What You Might See or Hear

You might be a friend, family member or neighbour of someone that you think may be, or know is, using domestic or family violence.

Things to look out for that may indicate that someone you know may be using family or domestic violence

  • Their partner or family member seems afraid of them, or displays anxiousness around them or acts differently when they are around them
  • They often humiliate, criticise or make fun of their partner or family member to you or when other people are around
  • As a neighbour you may hear shouting and/or threats being made
  • They seem controlling of their partner and are often jealous or have a short temper
  • They seem to be making all the decisions and order their partner or family member about – this could include controlling finances, telling them who they can and cannot see and what they can and cannot do.
  • Their partner or family member has shown signs of anxiety and depression, lost confidence or is unusually quiet and withdrawn
  • Their partner or family member displays signs of unexplained physical injuries (bruises, cuts, broken bones etc.) and gives repetitive, unbelievable or defensive explanations
  • They display behaviours such as breaking objects and punching walls when they are angry
  • They are easily angered or annoyed
  • Their partner or family member often misses work, events or social occasions because they are ‘unwell’
  • They expect their partner to constantly check in with them, or expect them to spend all their time together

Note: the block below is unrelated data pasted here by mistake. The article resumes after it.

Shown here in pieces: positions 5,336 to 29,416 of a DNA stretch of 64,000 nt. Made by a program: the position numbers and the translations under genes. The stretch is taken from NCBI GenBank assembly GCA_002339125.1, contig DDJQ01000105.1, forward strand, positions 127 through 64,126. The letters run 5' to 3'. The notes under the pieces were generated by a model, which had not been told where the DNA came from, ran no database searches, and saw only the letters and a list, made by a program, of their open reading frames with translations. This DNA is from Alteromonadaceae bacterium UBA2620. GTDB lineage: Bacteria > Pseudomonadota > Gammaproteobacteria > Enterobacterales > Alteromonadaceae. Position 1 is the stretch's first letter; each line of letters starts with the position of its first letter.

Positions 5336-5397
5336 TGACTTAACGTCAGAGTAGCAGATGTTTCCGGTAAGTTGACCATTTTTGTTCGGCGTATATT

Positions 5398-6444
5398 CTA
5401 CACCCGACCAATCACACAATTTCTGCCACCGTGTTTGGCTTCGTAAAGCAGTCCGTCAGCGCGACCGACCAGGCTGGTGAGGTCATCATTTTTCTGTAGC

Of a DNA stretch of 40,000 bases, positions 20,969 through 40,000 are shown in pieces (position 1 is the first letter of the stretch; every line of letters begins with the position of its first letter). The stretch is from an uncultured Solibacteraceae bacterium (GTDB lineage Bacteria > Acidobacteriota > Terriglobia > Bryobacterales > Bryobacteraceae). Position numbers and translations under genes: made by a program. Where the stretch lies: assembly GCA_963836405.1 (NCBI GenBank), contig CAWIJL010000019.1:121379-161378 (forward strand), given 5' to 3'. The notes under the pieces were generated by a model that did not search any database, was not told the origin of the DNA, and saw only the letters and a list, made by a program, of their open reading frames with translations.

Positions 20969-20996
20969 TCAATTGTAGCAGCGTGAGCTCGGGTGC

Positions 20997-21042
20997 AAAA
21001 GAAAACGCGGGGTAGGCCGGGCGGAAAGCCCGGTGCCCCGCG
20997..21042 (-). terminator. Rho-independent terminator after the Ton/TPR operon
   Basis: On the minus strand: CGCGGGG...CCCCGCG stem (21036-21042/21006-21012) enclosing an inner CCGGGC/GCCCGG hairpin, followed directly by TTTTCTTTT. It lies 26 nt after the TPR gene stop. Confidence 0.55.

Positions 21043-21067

If you are noticing these signs, there is a chance the person you know may be using family or domestic violence.

Understanding the different types of domestic violence

Family and domestic violence is a pattern of violence, abuse or intimidation where one person attempts to dominate or control the other. It can occur between romantic partners, previous partners or family members, and can affect anyone. Family and domestic violence is not just physical, and can take many forms including:

All couples and family members have arguments, however, they should never be violent and there is no acceptable reason why one partner should hurt or control another. Family and domestic violence is never okay.

It can be difficult to realise that someone you know is using family or domestic violence.  You can access a range of resources through our website, to assist you in deciding how you may want to help. Be cautious not to put yourself or the person you suspect is being harmed in further danger.

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